5 Tips to Better Participate in LinkedIn Groups
Nonprofits digging into social media may be aware that LinkedIn offers great opportunities to network and find talent whether volunteers, board members, or a new CEO. But LinkedIn’s professional network is much more than a glorified resume sorter. It’s a place where thought leaders gather to share their expertise, and there’s no better way to do that than by cultivating an active presence in LinkedIn groups.
Not sure where to start? Here are some pointers:
1. Be choosy about the groups you follow.
Your time is valuable, right? Don’t bog yourself down by branching out too far thinking it’ll help build exposure.
- Find the right groups that match squarely to your expertise area. If you’re too busy to participate in the groups you follow there’s not much point.
- Don’t spread yourself too thin. Start with 3-5 groups that really make sense.
- If your organization is in a niche of its own, or you’re not finding a group that really speaks to you, start your own.
2. Be a listener first.
Before you dive in offering opinions like gangbusters, see what kinds of questions and responses are coming through the group and get a sense of the personalities of the most active contributors. That way you’ll avoid duplicating information that’s already been shared recently, or stepping on any toes. LinkedIn offers additional tips on group best practices here.
3. Schedule your participation.
Just like all other social media, your presence needs to be consistent. But you can’t just plug your interactions into Hootsuite the way you can with Twitter and Facebook.
With LinkedIn groups you need to read what’s being said in the groups you follow and respond thoughtfully in a way that adds to the conversation while shining light on your organization, cause, or yourself as a thought leader in your space (without being overtly promotional about it):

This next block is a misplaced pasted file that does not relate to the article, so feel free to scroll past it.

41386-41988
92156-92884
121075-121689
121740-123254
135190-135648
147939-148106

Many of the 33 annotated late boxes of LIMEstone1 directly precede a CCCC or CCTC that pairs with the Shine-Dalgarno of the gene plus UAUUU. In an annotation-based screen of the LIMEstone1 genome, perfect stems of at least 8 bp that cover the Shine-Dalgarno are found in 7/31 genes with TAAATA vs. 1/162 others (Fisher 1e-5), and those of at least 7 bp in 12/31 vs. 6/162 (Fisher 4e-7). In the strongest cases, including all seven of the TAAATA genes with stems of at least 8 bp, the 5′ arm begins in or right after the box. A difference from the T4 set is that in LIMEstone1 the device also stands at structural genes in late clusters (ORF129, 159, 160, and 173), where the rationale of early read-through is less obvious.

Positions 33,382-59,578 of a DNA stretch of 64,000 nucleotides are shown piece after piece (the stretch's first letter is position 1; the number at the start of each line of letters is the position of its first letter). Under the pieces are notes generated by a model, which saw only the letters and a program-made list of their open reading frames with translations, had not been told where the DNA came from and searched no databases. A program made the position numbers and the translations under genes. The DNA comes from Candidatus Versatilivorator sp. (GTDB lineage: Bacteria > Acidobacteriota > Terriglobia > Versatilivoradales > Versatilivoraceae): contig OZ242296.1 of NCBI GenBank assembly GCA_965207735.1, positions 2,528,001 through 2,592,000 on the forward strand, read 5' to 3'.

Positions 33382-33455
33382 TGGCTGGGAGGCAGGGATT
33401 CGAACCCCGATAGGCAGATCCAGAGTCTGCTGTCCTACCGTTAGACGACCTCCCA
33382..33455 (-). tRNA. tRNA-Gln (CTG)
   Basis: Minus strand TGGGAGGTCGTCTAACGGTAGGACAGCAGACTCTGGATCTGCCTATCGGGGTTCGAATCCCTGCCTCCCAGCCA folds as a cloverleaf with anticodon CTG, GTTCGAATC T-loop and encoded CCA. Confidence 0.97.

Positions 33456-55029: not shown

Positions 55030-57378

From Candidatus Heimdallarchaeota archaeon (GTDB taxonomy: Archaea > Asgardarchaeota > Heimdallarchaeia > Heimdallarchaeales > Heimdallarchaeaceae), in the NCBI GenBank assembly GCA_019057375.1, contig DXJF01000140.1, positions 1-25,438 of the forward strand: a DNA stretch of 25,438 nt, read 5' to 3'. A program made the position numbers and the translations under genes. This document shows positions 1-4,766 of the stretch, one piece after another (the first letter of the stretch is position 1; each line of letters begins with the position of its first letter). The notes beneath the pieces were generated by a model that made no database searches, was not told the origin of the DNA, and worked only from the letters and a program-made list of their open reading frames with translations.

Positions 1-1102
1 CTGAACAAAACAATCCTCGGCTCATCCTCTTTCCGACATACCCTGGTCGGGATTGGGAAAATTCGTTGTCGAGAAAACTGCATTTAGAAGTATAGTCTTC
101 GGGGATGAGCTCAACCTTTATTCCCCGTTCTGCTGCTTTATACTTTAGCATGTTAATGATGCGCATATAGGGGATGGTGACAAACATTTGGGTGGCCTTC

- Create a schedule and set alerts to remind you to interact
- Focus on your top three groups each week
- Plan to interact at least two days per week; if you’re getting the results you want, you can always increase your participation
4. Go for quality engagement.
Take the time to like, comment and add value to each of your groups. Ask questions that encourage active discussion. Help people go deeper to better understand your cause, and the various concerns facing your organization (and all nonprofits), and brainstorm solutions. You couldn’t be in better company, after all.
5. Don’t make it all about you.
Even if your goal is to be a thought leader, that doesn’t just mean offering your personal opinions at every turn. Sometimes being a thought leader means offering up content that’s most relevant to the issue at hand:
- Research and share resources
- Give useful and actionable information like vendor recommendations, blog recommendations, worksheets, tools, systems, etc.
- Thank anyone whose advice you took or resources you used
Whether in your own group or in others, you want your presence to be one that encourages open sharing by others. Posting thought-provoking content, offering up opinions backed by statistics or other resources, and respectfully hearing the views of others along the way will foster relationships and engagement that could benefit your cause in any number of ways. So get started, if you haven’t already, and let us know your favorite tips for LinkedIn group interactions.
The preceding is a cross-post of the Social Media for Nonprofits February 25, 2015 blog post of the same title. Ritu Sharma is the CEO and Co-Founder of Social Media for Nonprofits, an organization committed to bringing social media education to nonprofits worldwide. She convenes thought-leaders and leading practitioners in the social media space in the unique TED meet Twitter style conferences in 14 cities in three countries. She speaks frequently around the world on a variety of topics in the nonprofit and social media spheres with a passion for effecting social change through social technologies. She writes a blog at the Huffington Post on the intersection of social media, social change and leadership. Follow Ritu on LinkedIn or Twitter @ritusharma1